„Is there normal life in Ukraine now?“ asks the young director of a cultural center in Berlin. I pause for a moment to consider how to explain that despite the relative security of Lviv, where I live, my old life is no more. Every person has certain points of no return in their life. For foreigners from „comfortable“ countries, where the last decades have been peaceful, these turning points may be primarily personal events. But for us in Ukraine, they are tied to the country’s fate for the last 100 (200? 300?) years. I see this not only as someone who has lived through Ukraine’s independence but also through the life stories of my parents, grandparents, and great-grandparents. We’ve gone through collectivization, war, the collapse of the USSR, two revolutions, and a war with Russia. It’s all part of our Ukrainian „timeline.“ „Yes, my life is relatively normal,“ I answer. But is it really normal? After all, I worry daily about friends in the army and loved ones in cities under shelling. I feel the pain of my friends who left Ukraine and have had to settle abroad somehow. Is this a normal life? When explaining reality, the main thing is not to sound like a fool, especially here in cities where there are no air raid sirens, curfews, and endless deaths around.
A German journalist asks me how the war has personally affected me. I don’t know where to start. I’ve experienced so much anger, pain, and grief, but also love, hope, and pride for my country. It’s a range of emotions that I’ve never felt before. What should I tell her? Should I talk about the children who played in cold bomb shelters while the sounds of war echoed around them? Or about the tears of an evacuated mother from the Zaporizhzhia region, who was searching for something on a street in Lviv at 7 am? Should I speak about the sadness in the faces of my friends who were sending their families to the border, not knowing what lay ahead? Or perhaps the story of my friend whose son died in battle in Kharkiv? Or my good friend who was injured in Donbas? Or maybe I should start my monologue by mentioning my classmate, whose name I saw on the list of captive defenders of Azovstal. I have a lot to say, but it’s hard to find the right words to convey the depth of what we’ve all been through. The journalist looks shocked. Apparently, when you follow the war only through the media, it all seems like some kind of computer game, a simulation of reality.
My friend’s daughter, a German living in Denmark, also asks me and my friend about the war. She is from a generation of European teenagers who are preoccupied with issues such as ecology, migration, and liberal values. As she listens to our stories, she tries to clarify something with her questions, almost in amazement. It’s immediately obvious that she wasn’t very interested in the details of our reality. Her eyes round more and more as we answer her questions. Later, as we walk through the city, I see a notification about an air raid warning in Lviv. „Right now, my wife is in a bomb shelter,“ I say, feeling a lump in my throat and wanting to be with her, even under threat, but together with my loved ones. My friend’s daughter suddenly starts crying hysterically. I hug her and say, „Don’t cry, we’ll get through this. We have to, because we have no choice.“ „I don’t understand how this can be,“ she says, sobbing.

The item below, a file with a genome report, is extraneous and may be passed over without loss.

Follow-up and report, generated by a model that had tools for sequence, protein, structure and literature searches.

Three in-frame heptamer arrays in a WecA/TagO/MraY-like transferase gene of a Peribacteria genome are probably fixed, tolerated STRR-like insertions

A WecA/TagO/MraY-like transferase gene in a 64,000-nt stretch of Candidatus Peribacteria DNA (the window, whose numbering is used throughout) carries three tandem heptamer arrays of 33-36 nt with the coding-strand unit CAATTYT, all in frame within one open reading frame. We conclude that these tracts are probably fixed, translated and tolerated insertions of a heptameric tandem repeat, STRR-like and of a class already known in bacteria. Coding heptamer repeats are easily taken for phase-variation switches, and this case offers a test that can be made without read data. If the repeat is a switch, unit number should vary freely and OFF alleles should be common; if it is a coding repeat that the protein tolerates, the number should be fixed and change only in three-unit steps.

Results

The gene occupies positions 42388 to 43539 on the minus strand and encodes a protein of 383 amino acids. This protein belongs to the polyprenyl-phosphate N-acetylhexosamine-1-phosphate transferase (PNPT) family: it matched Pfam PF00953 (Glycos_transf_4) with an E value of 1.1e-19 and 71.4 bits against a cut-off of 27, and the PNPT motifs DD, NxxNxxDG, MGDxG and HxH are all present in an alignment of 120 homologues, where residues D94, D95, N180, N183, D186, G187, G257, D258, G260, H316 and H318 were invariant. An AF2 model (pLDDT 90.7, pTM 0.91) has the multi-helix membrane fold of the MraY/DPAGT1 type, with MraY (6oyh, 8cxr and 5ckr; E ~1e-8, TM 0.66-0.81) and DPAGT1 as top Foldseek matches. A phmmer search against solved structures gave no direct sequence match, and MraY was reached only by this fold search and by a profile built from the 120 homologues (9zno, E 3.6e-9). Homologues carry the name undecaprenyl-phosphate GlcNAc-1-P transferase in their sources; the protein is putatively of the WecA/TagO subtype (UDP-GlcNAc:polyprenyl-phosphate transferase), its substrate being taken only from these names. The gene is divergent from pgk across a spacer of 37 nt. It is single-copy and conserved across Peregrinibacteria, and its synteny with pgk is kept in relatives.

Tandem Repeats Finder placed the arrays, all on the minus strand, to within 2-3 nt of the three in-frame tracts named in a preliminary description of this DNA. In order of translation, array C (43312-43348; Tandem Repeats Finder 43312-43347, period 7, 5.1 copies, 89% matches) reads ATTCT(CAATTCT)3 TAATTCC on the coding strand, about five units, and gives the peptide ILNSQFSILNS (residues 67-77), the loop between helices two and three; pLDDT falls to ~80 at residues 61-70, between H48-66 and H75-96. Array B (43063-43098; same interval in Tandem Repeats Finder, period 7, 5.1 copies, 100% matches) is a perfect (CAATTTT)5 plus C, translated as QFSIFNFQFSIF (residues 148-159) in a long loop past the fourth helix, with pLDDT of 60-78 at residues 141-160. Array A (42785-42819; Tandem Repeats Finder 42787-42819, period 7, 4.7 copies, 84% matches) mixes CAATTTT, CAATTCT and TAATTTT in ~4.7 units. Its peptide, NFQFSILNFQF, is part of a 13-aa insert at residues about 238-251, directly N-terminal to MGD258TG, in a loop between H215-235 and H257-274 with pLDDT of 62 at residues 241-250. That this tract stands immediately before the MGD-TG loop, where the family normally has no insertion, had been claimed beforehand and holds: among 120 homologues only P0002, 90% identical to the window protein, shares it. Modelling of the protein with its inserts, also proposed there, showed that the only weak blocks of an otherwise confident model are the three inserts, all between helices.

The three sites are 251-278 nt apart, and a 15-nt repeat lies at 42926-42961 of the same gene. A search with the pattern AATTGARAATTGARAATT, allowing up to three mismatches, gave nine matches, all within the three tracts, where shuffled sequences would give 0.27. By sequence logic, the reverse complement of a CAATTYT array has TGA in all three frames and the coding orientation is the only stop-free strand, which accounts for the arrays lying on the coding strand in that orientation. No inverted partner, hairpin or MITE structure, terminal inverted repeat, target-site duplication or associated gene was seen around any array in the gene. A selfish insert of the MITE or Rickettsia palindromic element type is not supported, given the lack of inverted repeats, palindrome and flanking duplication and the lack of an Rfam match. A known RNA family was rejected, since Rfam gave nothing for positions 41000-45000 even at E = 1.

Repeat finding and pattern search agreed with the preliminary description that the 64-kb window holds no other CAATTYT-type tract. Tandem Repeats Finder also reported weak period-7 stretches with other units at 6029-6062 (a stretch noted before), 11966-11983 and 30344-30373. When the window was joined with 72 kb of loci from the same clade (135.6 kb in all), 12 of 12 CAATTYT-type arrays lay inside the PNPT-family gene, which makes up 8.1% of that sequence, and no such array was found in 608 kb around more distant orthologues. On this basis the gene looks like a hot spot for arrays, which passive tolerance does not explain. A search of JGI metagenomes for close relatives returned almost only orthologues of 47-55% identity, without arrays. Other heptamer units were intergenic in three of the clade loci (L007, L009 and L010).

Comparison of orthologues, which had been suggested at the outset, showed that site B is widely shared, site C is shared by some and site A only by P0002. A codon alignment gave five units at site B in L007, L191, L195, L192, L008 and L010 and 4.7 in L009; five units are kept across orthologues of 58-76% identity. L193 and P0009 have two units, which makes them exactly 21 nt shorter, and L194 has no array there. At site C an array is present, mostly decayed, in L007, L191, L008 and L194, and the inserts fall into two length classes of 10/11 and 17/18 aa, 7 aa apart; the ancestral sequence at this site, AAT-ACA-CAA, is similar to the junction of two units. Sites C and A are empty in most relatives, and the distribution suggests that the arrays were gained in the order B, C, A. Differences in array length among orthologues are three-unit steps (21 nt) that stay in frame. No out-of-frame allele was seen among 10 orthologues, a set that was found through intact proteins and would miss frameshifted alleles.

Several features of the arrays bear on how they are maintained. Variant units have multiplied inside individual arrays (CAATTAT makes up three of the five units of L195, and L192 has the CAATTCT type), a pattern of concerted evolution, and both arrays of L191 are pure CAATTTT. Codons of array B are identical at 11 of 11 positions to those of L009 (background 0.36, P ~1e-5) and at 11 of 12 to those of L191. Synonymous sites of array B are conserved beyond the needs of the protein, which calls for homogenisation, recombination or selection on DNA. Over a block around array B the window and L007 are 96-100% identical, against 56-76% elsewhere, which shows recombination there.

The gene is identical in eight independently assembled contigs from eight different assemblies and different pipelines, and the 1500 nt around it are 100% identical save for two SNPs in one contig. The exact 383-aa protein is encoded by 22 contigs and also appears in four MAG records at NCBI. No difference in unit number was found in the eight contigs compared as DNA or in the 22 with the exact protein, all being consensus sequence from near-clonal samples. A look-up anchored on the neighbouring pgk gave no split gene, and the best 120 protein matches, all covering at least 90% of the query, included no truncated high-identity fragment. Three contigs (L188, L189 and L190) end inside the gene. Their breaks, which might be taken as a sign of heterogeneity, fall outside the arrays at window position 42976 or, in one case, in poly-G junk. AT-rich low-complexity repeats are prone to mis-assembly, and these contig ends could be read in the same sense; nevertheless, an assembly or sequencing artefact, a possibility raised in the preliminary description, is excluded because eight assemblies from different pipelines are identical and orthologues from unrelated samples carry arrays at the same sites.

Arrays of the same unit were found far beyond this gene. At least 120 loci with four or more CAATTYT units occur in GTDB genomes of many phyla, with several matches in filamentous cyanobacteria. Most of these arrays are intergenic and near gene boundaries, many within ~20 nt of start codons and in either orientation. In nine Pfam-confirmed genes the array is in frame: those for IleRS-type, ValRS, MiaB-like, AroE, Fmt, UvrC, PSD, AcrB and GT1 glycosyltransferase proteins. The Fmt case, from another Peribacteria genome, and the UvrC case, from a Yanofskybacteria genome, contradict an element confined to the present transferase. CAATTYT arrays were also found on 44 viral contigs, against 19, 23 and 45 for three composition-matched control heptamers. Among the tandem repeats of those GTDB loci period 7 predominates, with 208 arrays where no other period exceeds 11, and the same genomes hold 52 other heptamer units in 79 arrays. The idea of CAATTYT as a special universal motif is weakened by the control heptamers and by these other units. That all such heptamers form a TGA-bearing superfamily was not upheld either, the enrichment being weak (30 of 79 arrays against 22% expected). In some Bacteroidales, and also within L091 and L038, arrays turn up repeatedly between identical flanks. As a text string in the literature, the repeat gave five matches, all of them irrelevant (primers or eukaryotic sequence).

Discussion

„Where are you from?“ asks a group of men in expensive suits in the lobby bar of a small British town hotel. „From Ukraine,“ I reply. „Wow, Ukraine! Are you here for the literary festival? How do you like it here?“ they ask with genuine enthusiasm. „I like it, but I want to go home. I’m worried about my wife, parents, and friends. Yesterday our cities were bombed again all morning,“ I explain. „Why do you want to go back? Bring your families here,“ they suggest. I explain that we want to live at home, our life is already difficult but we love it and just want to live on our native land, because only there one feels happy. „I understand, you are fighting well. Your country is a true example for the whole world. Thank you for that,“ they say. I order drinks from the bartender. One of the men says, „This is on me. It’s an honor to host Ukrainians.“ My first thought is to tell them that it’s better to send weapons. „Thank you,“ I reply, turning back to my friends, although my first thought was to say that it’s better to send weapons.
My morning at Oxford College begins with a loud siren that sends shivers down my spine. It reminds me of the one used to announce a nuclear attack in Ukraine. At first, I think it’s a dream, but soon realize it’s not. I quickly get dressed and grab my Ukrainian passport, the most valuable item in my luggage. I head outside to the college yard, only to find out it’s a fire alarm drill. An administrator stops me on my way back to my room, „Sir, you can’t come back until the training is over and there’s no alarm signal,“ he tells me. I explain, „I’m from Ukraine, believe me, I know what to do.“ He looks at me sympathetically and allows me to return to my room, looking slightly embarrassed. Despite not being able to fall back asleep, I lay on my bed and try to relax. I’m happy to be heading home soon, and consider this as a reminder that even during this short trip, I was able to successfully get my point across to at least one person.
Translated by Yulia Lyubka and Kate Tsurkan